Complete Yahoo DFS Review for October
In this Yahoo DFS Review, we’ll cover those behind the recent re-emergence of the brand and the product itself. As you already know, Yahoo Sports has been a ‘thing’ for a very long time. More specifically, the division of Yahoo! known as Yahoo Sports, first began as Yahoo! Scoreboard. Ready to create your new Yahoo DFS player account? Use our Yahoo DFS Promo Code when signing up.
Yahoo Sports as we know it today was launched in late 1997.
Yahoo began actually offering fantasy sports as early as 1999. In fact, Yahoo was the first large media company to offer fantasy sports free.
Yahoo Sports officially began offering daily fantasy sports in July of 2015. The launch, and product, were quiet with little growth prior to the end of the 2018 NFL season. It was at this time that Yahoo began to offer a $250,000 GPP with zero maintenance fees.
Simply mentioning the words rake-free is enough to create a buzz in the DFS industry.
Yahoo! has a storied history to say the least.
What started as a website in January of 1994 called, ‘Jerry and David’s guide to the World Wide Web‘, would go on to reject an acquisition bid from Microsoft of $44.6 billion in 2008.
Yahoo!, Inc. reported an annual revenue of $5.17 in 2017.
There’s no getting around it, while Google has flat out dominated all things search for a very long time, Yahoo has been a major online player from the beginning of the ‘internet boom’.
More specifically and recently, Yahoo Sports has developed a foothold in the US sports market.
We won’t get into the entire history of Yahoo, tempting as it is, vast as it were.
Instead, we’ll simply state that Yahoo is currently owned by Verizon.
Specifically, Yahoo operates independently but it’s parent brand is now Verizon Media (once Oath – rebranded- rebranded back), which is of course a subsidiary of Verizon Communications.
Due to Yahoo’s early success, the company was able to invest in themselves as well as create an array of partnerships with media giants.
Mostly focusing on news as search faded into the Google abyss, Yahoo staffed a steady number of employees including journalists and writers.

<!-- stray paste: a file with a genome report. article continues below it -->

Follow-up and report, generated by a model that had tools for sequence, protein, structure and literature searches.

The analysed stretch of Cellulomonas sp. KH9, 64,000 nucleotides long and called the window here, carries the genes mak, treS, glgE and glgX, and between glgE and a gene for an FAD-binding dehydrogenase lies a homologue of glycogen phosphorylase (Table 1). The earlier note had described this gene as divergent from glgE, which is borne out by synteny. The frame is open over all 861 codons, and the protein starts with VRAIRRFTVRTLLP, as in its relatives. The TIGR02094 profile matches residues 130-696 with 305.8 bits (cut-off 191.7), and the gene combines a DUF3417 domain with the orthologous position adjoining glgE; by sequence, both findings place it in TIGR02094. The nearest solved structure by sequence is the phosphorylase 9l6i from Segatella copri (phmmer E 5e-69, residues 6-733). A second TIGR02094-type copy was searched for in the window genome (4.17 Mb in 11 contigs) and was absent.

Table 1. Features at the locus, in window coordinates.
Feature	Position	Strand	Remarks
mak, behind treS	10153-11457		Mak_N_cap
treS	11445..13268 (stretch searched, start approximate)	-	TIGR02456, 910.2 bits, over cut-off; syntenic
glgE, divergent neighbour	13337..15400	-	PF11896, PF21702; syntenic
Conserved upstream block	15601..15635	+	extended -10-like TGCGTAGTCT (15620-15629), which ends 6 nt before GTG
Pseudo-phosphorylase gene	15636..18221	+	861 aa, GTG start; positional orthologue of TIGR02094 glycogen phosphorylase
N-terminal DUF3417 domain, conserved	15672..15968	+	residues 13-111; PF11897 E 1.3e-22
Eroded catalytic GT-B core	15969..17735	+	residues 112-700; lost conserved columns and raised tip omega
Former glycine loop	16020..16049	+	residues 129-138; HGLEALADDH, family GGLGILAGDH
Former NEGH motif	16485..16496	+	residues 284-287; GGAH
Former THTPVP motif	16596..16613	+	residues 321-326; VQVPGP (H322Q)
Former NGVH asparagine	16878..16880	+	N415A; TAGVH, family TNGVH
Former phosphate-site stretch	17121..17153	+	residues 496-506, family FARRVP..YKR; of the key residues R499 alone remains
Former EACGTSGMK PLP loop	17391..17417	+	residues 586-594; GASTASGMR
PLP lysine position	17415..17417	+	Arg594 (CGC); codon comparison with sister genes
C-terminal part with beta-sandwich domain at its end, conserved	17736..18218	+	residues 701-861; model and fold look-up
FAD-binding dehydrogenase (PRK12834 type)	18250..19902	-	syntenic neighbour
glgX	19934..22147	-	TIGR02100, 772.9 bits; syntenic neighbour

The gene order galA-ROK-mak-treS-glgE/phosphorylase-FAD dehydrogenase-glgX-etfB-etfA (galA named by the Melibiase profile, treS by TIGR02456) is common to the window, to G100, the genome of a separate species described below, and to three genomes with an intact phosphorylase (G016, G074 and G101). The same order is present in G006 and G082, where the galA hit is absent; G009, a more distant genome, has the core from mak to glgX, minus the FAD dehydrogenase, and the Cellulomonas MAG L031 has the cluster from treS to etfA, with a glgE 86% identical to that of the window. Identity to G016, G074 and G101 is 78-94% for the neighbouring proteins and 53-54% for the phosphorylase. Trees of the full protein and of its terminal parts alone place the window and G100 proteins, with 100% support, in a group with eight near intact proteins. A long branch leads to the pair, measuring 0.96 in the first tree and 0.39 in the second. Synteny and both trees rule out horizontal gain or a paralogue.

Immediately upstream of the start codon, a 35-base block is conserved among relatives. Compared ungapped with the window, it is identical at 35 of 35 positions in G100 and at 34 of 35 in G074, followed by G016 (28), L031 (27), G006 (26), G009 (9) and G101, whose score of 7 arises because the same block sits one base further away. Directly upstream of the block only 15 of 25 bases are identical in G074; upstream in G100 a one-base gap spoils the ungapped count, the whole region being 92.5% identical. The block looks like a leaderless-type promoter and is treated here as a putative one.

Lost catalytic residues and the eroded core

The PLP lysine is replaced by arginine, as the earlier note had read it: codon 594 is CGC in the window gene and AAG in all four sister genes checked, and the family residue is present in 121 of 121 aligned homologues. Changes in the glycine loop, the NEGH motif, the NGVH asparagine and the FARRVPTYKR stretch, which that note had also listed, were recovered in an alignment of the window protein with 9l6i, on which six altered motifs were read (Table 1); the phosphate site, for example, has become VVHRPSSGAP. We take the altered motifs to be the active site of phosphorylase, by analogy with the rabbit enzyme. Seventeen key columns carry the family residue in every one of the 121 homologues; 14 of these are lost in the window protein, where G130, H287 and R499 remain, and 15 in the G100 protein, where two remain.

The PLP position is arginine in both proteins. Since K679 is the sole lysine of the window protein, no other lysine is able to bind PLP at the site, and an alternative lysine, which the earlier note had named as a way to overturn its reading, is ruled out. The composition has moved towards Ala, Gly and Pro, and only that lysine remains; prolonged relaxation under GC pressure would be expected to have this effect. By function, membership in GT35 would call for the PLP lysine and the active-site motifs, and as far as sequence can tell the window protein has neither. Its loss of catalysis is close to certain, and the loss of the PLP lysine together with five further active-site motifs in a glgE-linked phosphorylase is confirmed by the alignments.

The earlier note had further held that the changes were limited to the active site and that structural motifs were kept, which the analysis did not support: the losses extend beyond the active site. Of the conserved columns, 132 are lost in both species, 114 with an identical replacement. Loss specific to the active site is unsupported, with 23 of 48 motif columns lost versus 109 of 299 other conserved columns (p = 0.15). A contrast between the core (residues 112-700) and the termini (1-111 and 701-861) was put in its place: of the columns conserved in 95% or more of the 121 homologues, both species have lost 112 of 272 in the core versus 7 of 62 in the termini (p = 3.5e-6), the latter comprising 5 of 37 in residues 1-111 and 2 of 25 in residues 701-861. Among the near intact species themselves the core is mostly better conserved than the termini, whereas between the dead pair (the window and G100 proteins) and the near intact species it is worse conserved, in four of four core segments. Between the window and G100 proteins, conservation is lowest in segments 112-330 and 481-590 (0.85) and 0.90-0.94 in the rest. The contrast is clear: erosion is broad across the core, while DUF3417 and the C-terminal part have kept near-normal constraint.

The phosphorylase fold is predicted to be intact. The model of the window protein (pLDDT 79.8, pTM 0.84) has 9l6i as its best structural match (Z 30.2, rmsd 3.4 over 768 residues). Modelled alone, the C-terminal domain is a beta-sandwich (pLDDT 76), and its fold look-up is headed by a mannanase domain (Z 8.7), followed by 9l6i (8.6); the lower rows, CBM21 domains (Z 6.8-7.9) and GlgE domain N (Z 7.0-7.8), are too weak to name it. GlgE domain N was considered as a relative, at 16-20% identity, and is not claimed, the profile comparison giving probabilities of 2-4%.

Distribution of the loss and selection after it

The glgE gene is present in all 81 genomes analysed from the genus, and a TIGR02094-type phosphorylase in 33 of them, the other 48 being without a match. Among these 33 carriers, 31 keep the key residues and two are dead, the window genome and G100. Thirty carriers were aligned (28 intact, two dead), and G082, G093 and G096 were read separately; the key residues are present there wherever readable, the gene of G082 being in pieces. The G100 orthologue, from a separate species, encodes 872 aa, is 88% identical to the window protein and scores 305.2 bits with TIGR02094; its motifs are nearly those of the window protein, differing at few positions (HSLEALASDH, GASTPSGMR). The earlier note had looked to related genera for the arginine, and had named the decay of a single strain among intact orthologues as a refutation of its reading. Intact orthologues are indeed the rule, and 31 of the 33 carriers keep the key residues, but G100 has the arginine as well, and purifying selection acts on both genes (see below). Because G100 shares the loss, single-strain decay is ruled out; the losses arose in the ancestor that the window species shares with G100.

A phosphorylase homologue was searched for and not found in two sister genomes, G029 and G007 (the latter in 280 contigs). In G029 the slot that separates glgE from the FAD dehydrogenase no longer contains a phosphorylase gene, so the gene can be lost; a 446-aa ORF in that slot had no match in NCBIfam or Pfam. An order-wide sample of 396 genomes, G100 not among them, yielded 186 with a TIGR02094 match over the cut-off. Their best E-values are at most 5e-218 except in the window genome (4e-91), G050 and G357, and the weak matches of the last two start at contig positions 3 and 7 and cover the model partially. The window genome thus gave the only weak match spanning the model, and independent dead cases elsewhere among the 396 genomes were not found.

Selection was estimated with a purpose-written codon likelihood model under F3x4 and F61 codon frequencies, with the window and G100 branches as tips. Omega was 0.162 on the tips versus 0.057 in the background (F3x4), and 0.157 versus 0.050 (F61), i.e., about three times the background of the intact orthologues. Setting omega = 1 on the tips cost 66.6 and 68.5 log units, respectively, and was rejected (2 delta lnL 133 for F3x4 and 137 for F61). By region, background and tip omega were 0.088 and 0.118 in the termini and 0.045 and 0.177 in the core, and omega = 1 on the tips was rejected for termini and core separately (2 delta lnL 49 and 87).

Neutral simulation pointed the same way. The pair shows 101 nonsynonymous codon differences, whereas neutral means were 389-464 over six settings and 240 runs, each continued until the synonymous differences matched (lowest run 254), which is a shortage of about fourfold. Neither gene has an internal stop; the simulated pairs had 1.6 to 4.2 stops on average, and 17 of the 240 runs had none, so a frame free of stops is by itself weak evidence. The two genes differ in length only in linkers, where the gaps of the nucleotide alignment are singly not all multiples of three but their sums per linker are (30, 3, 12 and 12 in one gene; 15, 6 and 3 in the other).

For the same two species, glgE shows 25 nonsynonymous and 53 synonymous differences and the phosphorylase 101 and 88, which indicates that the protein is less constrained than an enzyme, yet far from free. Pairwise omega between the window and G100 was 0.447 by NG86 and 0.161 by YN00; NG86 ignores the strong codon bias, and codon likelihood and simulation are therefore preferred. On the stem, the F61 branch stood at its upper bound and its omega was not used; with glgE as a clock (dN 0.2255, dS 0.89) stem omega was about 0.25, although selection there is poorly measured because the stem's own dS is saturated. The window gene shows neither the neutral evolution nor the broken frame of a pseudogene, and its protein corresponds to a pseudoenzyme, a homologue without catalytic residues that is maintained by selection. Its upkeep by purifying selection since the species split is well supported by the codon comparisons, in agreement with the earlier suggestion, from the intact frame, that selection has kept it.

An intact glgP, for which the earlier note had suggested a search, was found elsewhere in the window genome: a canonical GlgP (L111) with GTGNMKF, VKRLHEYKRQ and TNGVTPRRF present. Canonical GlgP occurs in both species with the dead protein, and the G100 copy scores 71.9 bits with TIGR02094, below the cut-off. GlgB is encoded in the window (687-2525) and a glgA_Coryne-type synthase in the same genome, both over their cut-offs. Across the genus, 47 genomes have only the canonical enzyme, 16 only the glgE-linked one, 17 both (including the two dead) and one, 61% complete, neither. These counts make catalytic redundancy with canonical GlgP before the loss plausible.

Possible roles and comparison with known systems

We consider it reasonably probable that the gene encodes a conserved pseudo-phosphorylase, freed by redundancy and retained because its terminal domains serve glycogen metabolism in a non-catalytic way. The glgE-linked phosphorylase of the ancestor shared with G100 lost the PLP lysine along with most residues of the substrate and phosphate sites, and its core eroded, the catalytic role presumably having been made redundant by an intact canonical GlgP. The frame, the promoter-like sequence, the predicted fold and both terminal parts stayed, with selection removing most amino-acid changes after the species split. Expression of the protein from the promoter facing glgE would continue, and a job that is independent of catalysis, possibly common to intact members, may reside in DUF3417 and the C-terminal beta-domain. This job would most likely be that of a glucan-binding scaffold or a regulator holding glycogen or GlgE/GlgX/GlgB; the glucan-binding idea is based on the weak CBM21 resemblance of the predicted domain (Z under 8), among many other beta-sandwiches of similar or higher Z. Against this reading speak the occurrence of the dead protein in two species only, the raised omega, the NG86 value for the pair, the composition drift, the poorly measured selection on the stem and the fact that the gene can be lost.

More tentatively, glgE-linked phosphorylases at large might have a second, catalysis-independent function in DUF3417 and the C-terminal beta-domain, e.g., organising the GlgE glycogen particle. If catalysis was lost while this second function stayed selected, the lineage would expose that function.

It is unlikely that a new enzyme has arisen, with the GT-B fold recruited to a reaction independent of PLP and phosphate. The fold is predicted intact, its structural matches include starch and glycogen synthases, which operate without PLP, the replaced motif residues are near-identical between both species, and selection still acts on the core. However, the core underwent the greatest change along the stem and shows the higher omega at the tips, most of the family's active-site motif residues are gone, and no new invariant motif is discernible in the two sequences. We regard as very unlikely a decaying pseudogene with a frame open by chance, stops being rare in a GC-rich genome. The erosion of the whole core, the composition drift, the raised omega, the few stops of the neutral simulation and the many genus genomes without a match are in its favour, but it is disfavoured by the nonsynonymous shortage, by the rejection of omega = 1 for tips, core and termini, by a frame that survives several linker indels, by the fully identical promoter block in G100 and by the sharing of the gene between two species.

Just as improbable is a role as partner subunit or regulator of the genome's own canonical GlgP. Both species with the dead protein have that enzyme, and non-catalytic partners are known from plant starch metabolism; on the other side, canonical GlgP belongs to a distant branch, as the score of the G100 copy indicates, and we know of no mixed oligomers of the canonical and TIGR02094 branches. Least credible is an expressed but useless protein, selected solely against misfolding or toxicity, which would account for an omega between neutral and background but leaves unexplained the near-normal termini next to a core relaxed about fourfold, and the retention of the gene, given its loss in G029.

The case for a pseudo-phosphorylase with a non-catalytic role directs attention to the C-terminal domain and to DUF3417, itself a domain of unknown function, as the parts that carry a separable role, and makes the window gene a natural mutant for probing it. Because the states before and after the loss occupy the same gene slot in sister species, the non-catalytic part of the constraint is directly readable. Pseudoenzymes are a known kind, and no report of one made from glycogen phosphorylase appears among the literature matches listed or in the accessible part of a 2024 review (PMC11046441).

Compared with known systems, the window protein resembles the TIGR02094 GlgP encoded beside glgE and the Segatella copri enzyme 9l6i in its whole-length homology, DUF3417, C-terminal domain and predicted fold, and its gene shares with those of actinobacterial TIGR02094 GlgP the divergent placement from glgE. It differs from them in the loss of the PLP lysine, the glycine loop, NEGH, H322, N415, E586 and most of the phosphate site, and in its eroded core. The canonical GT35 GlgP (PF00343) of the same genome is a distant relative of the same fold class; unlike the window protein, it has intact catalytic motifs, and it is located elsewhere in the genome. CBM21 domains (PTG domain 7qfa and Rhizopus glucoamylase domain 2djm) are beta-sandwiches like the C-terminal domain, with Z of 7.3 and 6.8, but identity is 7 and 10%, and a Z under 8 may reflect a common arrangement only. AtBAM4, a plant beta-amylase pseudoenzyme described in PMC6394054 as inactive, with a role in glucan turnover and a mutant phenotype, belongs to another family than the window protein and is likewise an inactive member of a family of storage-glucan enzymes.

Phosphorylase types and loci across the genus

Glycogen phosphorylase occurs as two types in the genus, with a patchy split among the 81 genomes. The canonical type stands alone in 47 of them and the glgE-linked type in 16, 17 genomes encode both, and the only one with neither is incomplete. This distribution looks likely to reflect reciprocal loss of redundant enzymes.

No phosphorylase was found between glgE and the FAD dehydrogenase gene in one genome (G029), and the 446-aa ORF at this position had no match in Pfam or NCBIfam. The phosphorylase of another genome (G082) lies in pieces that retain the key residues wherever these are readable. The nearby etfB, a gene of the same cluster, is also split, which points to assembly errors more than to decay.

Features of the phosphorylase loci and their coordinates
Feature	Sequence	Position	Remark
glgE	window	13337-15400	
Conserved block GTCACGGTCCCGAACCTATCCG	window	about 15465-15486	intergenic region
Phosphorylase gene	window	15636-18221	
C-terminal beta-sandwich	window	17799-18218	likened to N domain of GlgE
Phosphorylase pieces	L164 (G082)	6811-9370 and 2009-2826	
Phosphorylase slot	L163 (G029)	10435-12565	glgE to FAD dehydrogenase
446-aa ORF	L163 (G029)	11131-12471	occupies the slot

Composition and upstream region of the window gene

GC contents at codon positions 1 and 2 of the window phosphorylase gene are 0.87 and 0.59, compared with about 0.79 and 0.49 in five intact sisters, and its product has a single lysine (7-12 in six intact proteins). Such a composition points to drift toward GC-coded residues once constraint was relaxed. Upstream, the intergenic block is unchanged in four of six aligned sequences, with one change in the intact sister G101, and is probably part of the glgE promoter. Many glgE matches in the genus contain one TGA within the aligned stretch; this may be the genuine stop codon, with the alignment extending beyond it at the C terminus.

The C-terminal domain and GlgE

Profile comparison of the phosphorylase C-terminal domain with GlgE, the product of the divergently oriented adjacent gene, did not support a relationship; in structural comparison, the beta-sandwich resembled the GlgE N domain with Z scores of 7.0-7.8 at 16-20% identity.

Yahoo Sports utilizes a gem in the sports data, analytics and news world known as Stats LLC. Owned by American private firm, Vista Equity Partners, Stats LLC is and has been a mainstay in the industry since the 1980’s.
Bobbing and weaving in the space from its inception, Yahoo acquired a company known as Rivals for $100 million in mid 2007. Rivals is and always has been deep source for all things recruits and prospects.
Of course, one of the biggest reasons for so much of Yahoo Sports expansion and exposure was a deal forged with NBC Sports Group.
While live streaming and frankly any other medium to land eyeballs on their content have obviously been top priority over the years, the daily fantasy sports landscape has officially ‘broken out’.
Companies like FanDuel and DraftKings have taken the tired version of fantasy sports and totally reinvented them, creating an entirely new vertical known as daily fantasy sports.
Yahoo has had and does have all the infrastructure in place necessary to be a major player in the DFS arena. Frankly, they currently have a phenomenal platform already in place that includes all the bells and whistles. They do in-fact have a large number of participants on their DFS platform.
Fanduel and Draftkings have been dominating the daily fantasy sports market share because they’re new and exciting brands with great products. They’re not afraid to aggressively advertise and feature insanely high prize pools.
In an industry built around the ‘game of skill’ claim, these contests bring an absolute ton of luck and randomness into an industry that simply does not need it. Yahoo DFS is an alternative to the game of luck that the other platforms in the industry have seemed to begin to cater to.
Look, we’re fans of the Yahoo daily fantasy sports platform. It’s one of the ‘big one’s’, offers a low rake and another dependable source to enter our lineups.
In our opinion however, if Yahoo truly wants to make a run at the market, they’ll need to do it by creating a separate brand.
The Yahoo name has so much history tied to it (both good and bad) that it’s no longer seen as fun, exciting or certainly, new. In case you haven’t noticed, the world of commerce and specifically e-commerce has evolved immensely since the world discovered the search engine.
Yes, not everything has to be a trendy or boutique style brand.
For arguments sake however, consider what companies like Harry’s and Dollar Shave Club have done to giants like Proctor & Gamble and Gillette brands. More potently, we’re not talking about personal care products here. We’re talking about technology in 2019, a fun, exciting and extremely competitive space.
If Yahoo doesn’t create an extension brand for its daily fantasy sports product, we see them doing what they’ve always done and that’s acquiring, merging and partnering with others.